Compiler Issues

The Java Compiler is usually the source of most of our woes when first learning how to write programs in Java. The compiler expects the source code to be correctly formatted, or else it won’t be able to generate the Java bytecode for our program. Let’s modify our file to include some errors, just to see exactly what the error messages from the compiler are like.

Missing Braces

First, let’s replace everything in with the following code:

public class HelloWorld{
  public static void main(String[] args){
    System.out.println("Hello World");
Spot the Error

Before compiling that program, can you spot the error? Being able to find errors in code without using a compiler will definitely help you develop programs much faster. It is just like being able to spell words correctly without using a spell-checker. It makes everything go just a bit more smoothly.

In each of the examples in this section, take a minute and see if you can spot the error before running it through the compiler. The quiz in this module includes a few questions that require you to spot the error in a piece of code, so this is great practice for later!

Once we’ve updated that file, we can compile it using the using the terminal. When we do, we should see output similar to this:

Java Missing Closing Brace Java Missing Closing Brace

That error message gives us quite a bit of information. The first part, java/ tells us which file the error is in, which is handy later on when we start working in programs that include multiple source code files. Following that, we see a 7 after the file name, which tells us that the error is on or around line 7. However, that doesn’t always mean that we’ll need to edit something at line 7 to fix the error; it just means that the Java Compiler realized there was an error when it reached line 7. Sometimes, we must make a change elsewhere in the file to resolve the issue.

After that, we’ll see the actual error message, which in this case is error: reached end of file while parsing. That may not seem very helpful at first, but it actually gives us an important clue.

If we look at the code above, we’ll notice that it is missing the second closing brace } at the end of the file. So, the compiler was expecting to see one more closing brace, but didn’t find it. So, to fix that, we’ll just need to add one more closing brace at the end of the file, and it should work just fine.

Missing Semicolon

Here’s another example we can try:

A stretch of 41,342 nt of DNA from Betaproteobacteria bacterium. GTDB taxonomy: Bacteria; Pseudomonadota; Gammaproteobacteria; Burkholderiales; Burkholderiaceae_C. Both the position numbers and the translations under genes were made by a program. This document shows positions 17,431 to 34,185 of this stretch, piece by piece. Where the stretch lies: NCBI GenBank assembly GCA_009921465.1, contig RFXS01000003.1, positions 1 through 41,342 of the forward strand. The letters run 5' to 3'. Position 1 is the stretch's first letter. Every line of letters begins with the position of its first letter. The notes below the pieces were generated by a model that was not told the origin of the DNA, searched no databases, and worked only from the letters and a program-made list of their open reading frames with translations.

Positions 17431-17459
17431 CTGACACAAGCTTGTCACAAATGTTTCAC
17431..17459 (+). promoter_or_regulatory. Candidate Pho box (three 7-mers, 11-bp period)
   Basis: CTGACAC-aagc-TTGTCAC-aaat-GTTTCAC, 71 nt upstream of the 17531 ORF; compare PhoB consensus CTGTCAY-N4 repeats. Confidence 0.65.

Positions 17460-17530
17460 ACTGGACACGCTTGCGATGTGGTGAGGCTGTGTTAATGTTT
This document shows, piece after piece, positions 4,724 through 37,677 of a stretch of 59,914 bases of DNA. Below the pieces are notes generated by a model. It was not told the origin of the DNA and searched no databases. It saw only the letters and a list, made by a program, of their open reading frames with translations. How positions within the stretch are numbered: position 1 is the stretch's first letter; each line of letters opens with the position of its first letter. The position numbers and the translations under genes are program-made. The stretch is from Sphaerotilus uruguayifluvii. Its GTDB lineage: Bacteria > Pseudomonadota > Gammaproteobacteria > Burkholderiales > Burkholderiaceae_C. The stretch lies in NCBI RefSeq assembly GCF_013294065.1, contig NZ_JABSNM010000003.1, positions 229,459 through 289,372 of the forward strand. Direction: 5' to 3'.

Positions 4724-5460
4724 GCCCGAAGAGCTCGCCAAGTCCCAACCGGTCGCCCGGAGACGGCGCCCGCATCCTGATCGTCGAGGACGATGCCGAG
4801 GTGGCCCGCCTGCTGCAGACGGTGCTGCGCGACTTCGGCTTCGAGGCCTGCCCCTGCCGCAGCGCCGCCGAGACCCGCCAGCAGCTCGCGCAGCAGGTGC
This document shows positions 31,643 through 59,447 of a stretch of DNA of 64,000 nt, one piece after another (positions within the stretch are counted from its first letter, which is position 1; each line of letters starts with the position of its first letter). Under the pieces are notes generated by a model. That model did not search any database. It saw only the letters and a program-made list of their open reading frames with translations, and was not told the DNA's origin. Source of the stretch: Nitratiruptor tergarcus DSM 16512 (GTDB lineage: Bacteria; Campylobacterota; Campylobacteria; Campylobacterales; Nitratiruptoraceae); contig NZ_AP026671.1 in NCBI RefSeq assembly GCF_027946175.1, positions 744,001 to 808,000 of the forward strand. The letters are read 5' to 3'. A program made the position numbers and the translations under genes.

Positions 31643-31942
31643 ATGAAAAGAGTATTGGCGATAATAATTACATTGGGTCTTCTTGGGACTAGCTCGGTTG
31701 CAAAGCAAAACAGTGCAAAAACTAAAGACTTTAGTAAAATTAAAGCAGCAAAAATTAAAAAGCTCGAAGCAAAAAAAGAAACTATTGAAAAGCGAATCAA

public class HelloWorld{
  public static void main(String[] args){
    System.out.println("Hello World")

When we try to compile this file, we should get output similar to the following:

Java Missing Semicolon Java Missing Semicolon

In this example, the output is really helpful. It clearly shows us exactly where in our code we forgot to include a semicolon. By adding that symbol where indicated, we can solve the problem.

Runtime Issues

Of course, there are some problems that the compiler may not catch. These are known as runtime errors, since they happen at the time we run our programs. They can be especially tricky to deal with, but thankfully they are usually quite rare.

Incorrect Main Method

Let’s look at one more example:

public class HelloWorld{
  public static void main(String args){
    System.out.println("Hello World");

This time, the program actually compiles! However, when we try to actually run the file, we’ll get an error similar to this one:

Java Incorrect Main Method Java Incorrect Main Method

This is because we accidentally forgot the square brackets [] in the main method declaration. It should be public static void main(String[] args), as the error message so helpfully tells us. So, it is important to remember that our programs may still have errors, even if the compiler doesn’t find any.

Break Stuff

Now that you’ve learned a bit about how to debug compiler errors, let’s see if you can figure out how to cause one! Modify in a way that causes the compiler to output the following error message:

error: class WrongClass is public, should be declared in a file named

Subsections of Debugging


We’ve now written our first program in a real, high-level programming language. While the program may only consist of a few lines of code at most, it is still a very big step toward writing bigger and more advanced programs.

Computer technology has some quite a long way since the 1950s, but the same needs that drove the development of compilers and interpreters continue today to drive the development of more advanced programming languages and related tools. It’s a very exciting field to experience firsthand, and once we understand a bit of code, we’ll be able to see it for ourselves.

In the next chapter, we’ll dive in head first to learn all about how to store and manipulate various types of data in our programs.